J. Gal and A. Doron
Social Policy and Administration, vol. 34, 2000, p. 253-273
The Israeli income support programme includes both liberal disregards, that seek to encourage the movement from welfare to work, and a severe income ceiling which creates barriers that effectively hinder this movement. Due to this income ceiling, the disregards lose much of their impact and very potent poverty traps emerge, thereby creating work disincentives that encourage people to stay on welfare rather than to seek work.
M. Klawitter, R. D. Plotnick an M. E. Edwards
Journal of Policy Analysis and Management, vol. 19, 2000, p. 527-546
Uses data from the youngest cohorts of women in the National Longitudinal Survey of Youth to construct Aid to Families with Department Children histories starting at age 15. These histories are used to estimate models of the determinants of initial use of AFDC. Benefit levels do not seem to affect participation, but the presence of a programme for medically needy families not on welfare appears to decrease entry onto welfare for some groups. Parental poverty, family structure, academic achievement, attitudes towards school and race are significantly related to the likelihood of participating in AFDC and the rate of entry.
Social Work, vol. 45, 2000, p. 300-311
During the past 20 years most states in the US have failed to increase welfare benefits in line with inflation. Article demonstrates the consequences of lowering benefit levels for eligibility for welfare. It is likely that under TANF (Temporary Assistance for Needy Families), because of lower welfare benefits, families will become eligible for welfare at much lower earnings levels than they would have before TANF became effective. Reducing welfare benefit levels can also create work disincentives. The effects of welfare benefit reductions can be mitigated by 1) maintenance of the Food Stamp Program and 2) assigning minimum benefits levels to which states must adhere.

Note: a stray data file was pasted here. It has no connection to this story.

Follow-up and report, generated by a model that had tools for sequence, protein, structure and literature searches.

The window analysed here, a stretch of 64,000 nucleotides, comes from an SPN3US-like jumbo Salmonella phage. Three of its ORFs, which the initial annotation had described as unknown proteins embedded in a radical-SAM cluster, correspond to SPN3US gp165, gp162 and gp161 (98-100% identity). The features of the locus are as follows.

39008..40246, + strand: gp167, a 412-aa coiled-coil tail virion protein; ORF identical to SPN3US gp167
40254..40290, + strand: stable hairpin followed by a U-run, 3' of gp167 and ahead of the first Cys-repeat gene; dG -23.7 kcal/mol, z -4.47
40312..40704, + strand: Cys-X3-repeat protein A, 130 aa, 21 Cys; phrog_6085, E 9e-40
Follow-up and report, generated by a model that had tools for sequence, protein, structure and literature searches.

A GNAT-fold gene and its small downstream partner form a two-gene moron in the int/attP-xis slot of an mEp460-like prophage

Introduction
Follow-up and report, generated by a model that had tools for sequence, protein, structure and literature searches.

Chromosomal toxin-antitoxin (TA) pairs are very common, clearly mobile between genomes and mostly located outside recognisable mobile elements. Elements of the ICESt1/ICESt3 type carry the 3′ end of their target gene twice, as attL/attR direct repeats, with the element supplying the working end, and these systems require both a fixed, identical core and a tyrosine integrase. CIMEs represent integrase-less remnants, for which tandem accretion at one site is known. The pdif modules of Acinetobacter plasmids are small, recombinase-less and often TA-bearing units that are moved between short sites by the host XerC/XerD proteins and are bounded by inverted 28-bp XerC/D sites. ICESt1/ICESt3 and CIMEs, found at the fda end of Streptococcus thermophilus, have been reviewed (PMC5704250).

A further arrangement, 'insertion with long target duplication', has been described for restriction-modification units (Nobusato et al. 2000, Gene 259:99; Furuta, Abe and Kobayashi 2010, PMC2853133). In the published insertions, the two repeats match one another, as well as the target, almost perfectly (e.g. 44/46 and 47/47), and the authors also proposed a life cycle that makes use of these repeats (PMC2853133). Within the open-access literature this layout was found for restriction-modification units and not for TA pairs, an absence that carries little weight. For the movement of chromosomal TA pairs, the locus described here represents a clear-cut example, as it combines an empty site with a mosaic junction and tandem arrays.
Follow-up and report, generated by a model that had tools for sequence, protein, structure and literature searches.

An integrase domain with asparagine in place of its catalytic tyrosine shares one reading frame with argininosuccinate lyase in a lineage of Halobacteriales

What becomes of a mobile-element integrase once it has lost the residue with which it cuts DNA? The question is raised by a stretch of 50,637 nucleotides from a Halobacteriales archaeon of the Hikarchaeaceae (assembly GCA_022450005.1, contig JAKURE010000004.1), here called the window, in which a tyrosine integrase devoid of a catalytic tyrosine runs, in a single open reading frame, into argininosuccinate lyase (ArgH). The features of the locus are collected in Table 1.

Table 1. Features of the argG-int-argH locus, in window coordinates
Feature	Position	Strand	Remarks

Social Policy and Administration, vol. 34, 2000, p. 274-295
Forms of selective, individualised welfare assistance delivered through quasi-markets are a defining characteristic of the New Welfare State model emerging in countries such as Australia, New Zealand and the USA. They propose better financial results for government and outcomes which better meet the needs of individual clients. The use of multiple agencies in theory offers a greater prospect of service innovation as the many independent contractors strive to earn higher returns as a result of superior placement strategies. However, these reforms also suggest new forms of exclusion and bias as agencies seek to work only with those clients who can deliver them profits.
M. E. Collins, J. W. Stevens and T. S. Lane
Social Work, vol. 45, 2000, p. 327-337
Presents an evaluation of the Teen Living Programs developed by the State of Massachusetts. These offer alternative living arrangements for teenage parents receiving welfare who are unable to live with family members. Programme outcomes relating to health, education and TAFC receipt appear to be most positive, whereas those relating to employment and income, housing, pregnancy and violence are more disappointing.
K. DeBoard, R. F. Canu and J. Kerpelman
Social Work, vol. 45, 2000, p. 313-324
Reports results of a telephone survey in which 30 recently hired welfare recipients described the factors that were needed to help them make a smooth transition into work. These include social support, access to transportation, reliable childcare, and education and job skill development.
European Industrial Relations Review, no. 320, 2000, p. 23-25
Reports on the rejection by the French government of proposals by the social partners to reform the UNEDIC unemployment insurance scheme by introducing a back-to-work plan.